The best ways to use your cast-iron skillet

An economical and versatile tool in your kitchen arsenal, cast-iron skillets are either adored or feared by every home cook. I should know: I was once living in fright of the heavy relic sitting and collecting rust at the back of my cupboard. It was an old Polaroid photo that gave me a nostalgia-induced culinary revelation. In it, my Texan grandfather was frying up a batch of his drool-worthy chicken-fried steak with sausage gravy. I realized then that the magic of that dish wasn't only in his hands. It was also in that old, well-loved cast-iron skillet.

That same old skillet now enjoys front-row seating in my cupboard, and all it took was some research (and a little bit of love) to rediscover my go-to tool for a plethora of recipes, some that have been utterly revolutionized by simply switching pans.

So if your doubts about cast iron have been keeping you from reveling in the delicious splendor of this invaluable kitchen tool, I ask that you lay your fears aside, and read on to discover the best ways to use your cast-iron skillet.

First, season it

Before you put that pan to work, you'll need to season that baby. Proper seasoning makes the difference between your cast-iron pan being your best friend or worst enemy in the kitchen, so pay attention.

To start, give the entire pan a gentle wash with warm water and dish soap, then let it dry completely. If you're starting out with an older pan that's dirty or rusted, you may have to employ some steel wool and elbow grease first. Once dry, rub the entire pan (top, bottom, sides and handle) with a paper towel or cloth soaked in cooking oil. You'll achieve better results with an unsaturated oil like grapeseed, canola, and some vegetable oils. Place the oiled pan upside down in a preheated 350° oven, with a foil-lined sheet pan underneath to catch any drips. Let it cook for an hour, then turn the temperature off and allow the pan to cool in the oven. The resulting surface is due to the polymerization of the oil, and you'll further season it every time you cook with fats in your pan.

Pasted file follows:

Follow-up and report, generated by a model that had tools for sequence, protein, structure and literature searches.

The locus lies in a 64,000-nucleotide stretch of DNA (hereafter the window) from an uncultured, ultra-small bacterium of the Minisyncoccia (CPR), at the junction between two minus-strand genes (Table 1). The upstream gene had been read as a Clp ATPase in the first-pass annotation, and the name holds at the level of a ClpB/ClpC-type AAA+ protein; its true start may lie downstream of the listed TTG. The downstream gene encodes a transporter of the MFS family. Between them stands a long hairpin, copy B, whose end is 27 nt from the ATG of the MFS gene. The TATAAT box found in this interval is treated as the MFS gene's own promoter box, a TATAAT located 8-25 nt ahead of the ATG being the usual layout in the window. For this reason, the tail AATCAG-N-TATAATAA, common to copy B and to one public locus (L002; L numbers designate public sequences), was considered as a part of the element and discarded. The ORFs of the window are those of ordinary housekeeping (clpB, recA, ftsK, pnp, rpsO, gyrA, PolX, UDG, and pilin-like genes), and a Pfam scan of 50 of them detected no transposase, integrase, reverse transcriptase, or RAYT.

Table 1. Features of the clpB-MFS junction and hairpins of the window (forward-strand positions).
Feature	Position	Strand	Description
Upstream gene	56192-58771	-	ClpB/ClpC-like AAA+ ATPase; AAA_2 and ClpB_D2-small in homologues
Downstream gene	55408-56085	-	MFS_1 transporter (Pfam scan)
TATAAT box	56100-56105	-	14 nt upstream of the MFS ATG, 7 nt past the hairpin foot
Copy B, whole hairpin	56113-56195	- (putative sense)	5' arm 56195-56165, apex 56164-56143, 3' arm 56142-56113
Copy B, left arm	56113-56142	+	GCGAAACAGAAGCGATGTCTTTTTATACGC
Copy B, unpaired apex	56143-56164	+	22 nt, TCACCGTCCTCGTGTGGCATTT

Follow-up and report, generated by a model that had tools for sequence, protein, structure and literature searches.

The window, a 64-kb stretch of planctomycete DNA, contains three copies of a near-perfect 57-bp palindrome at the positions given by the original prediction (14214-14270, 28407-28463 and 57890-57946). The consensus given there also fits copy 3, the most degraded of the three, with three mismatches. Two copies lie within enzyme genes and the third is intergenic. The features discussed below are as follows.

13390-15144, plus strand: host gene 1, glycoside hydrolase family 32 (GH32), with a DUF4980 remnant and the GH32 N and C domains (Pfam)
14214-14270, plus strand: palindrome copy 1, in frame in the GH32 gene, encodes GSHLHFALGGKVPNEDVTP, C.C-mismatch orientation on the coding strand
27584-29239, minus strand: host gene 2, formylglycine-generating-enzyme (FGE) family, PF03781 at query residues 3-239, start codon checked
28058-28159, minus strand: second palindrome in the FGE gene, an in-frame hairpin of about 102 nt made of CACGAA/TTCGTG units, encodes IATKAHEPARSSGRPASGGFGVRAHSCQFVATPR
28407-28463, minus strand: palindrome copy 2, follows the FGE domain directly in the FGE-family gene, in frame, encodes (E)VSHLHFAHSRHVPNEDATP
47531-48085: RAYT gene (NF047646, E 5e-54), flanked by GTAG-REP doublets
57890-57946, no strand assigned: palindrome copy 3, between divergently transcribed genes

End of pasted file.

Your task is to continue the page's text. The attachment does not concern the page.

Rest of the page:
Pans that emerge from the oven brown and sticky haven't quite gotten to where you want them. They should be seasoned again, but don't worry: you can't over-season cast iron!

How to wash it

When it comes to caring for and washing a cast-iron pan, there are a couple cardinal rules that should always be followed. Never, ever wash cast iron in a dishwasher, and never leave your pan to soak filled with water. You don't want to rust the pan.

While you're washing your pan, it should not look like this picture. A well-seasoned pan that has very little food residue after cooking can be cleaned with just a thorough wiping with a paper towel dipped in cooking oil or an old dishcloth. It'll likely turn black, so keep an old one around dedicated to this purpose. For foods that are a little more stuck on, clean your pan with hot water and a sponge. While common advice says to avoid using any soap at all, I find that a drop or two of dishwashing liquid can help me along without causing any harm to my seasoned coating. A brush can be used to remove stuck-on food, or you can give your cloth some teeth with a little sea salt or kosher salt. Make sure your cleaned pan is thoroughly dried, and give it a quick rub with cooking oil before storing.

Super-heavy stuck-on food disaster? Spy some rust? Never fear! This is when you can use steel wool on your pan. Scrub away the offending mess, and make plans to season your pan again soon.

What not to cook

Alas, superhero that your cast-iron skillet is, it does have some very mortal limitations, particularly if it's new. For starters, slow-cooking acidic foods, like tomato sauces, are like kryptonite to your newly seasoned cast-iron skillet, as the acid and seasoned coating do not play nicely together over long periods. Of course, you can just season your pan again, but you don't want to have to do it that often. Acidic foods can also cause a higher level of iron to leach into your food from even the best-seasoned pan, so take heed. A quick deglaze with a bit of wine or lemon juice shouldn't harm anything, though.

Boiling water is also a no-no with cast iron, though some cast iron fans swear their own pan is so well-seasoned that they can pull off this feat. If your pan is freshly seasoned, the boiling water is going to yank that seasoning right off. If your pan has years of layered-on seasoning, you might only lose a layer or two.